skyknight has asked for the wisdom of the Perl Monks concerning the following question:
I have been tasked with the odious chore of digging through someone else's incredibly complicated tool and associated library structure. Just now I am staring at a piece of code that takes the form...
do_a_whole_bunch_of_stuff() if $obj1 eq $obj2;
These scalars are not primitive strings, so clearly for this statement to be of any use, someone, somewhere in the inheritance hierarchy has overloaded the 'eq' operator. Now, in theory, I could go digging my way through the whole inheritance tree and try to find the "use overload" statement that is triggering the behavior, but that seems rather brutish. Another idea I had was to fire up the debugger and actually perform such a comparison, making note of the location to which execution jumped. This seems more elegant, though I can't help but wonder if there is a less hackish way.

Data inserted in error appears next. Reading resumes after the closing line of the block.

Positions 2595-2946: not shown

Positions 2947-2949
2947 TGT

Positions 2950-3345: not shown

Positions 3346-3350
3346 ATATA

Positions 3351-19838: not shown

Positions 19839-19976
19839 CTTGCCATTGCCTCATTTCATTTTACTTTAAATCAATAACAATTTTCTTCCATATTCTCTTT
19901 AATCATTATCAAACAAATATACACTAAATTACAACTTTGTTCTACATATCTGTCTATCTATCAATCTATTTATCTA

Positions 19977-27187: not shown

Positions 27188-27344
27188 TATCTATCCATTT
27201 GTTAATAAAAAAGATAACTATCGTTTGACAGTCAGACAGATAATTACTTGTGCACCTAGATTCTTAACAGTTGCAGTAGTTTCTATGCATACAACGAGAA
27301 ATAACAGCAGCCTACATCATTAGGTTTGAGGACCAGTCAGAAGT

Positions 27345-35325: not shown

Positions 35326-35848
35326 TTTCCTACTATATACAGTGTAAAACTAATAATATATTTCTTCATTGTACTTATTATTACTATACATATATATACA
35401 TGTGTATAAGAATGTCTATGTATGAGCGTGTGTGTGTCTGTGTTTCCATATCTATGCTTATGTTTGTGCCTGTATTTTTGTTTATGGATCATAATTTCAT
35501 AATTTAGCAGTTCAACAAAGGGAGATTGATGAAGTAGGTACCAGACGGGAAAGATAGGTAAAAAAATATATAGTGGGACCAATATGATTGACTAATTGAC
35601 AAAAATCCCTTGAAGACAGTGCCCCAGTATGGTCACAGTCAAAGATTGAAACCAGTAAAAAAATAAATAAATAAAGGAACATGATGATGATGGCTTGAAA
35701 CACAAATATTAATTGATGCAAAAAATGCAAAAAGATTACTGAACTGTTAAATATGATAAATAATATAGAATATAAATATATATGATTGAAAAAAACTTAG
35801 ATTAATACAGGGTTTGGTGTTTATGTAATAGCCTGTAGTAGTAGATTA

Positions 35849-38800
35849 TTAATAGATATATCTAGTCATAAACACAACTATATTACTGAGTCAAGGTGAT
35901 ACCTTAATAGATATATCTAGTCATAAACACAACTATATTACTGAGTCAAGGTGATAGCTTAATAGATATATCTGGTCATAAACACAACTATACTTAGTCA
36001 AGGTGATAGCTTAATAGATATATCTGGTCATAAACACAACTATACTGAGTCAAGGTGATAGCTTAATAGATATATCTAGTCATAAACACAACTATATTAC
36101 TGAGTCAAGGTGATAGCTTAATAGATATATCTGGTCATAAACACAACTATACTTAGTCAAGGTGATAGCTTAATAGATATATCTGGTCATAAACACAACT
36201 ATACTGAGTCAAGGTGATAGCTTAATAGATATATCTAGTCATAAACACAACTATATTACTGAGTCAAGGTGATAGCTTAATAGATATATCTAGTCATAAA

One can perform code reflection on an object by poking around in the classes from its inheritance hierarchy, so as to deduce what methods are defined. Is there a similar paradigm that I might follow regarding operator overloading?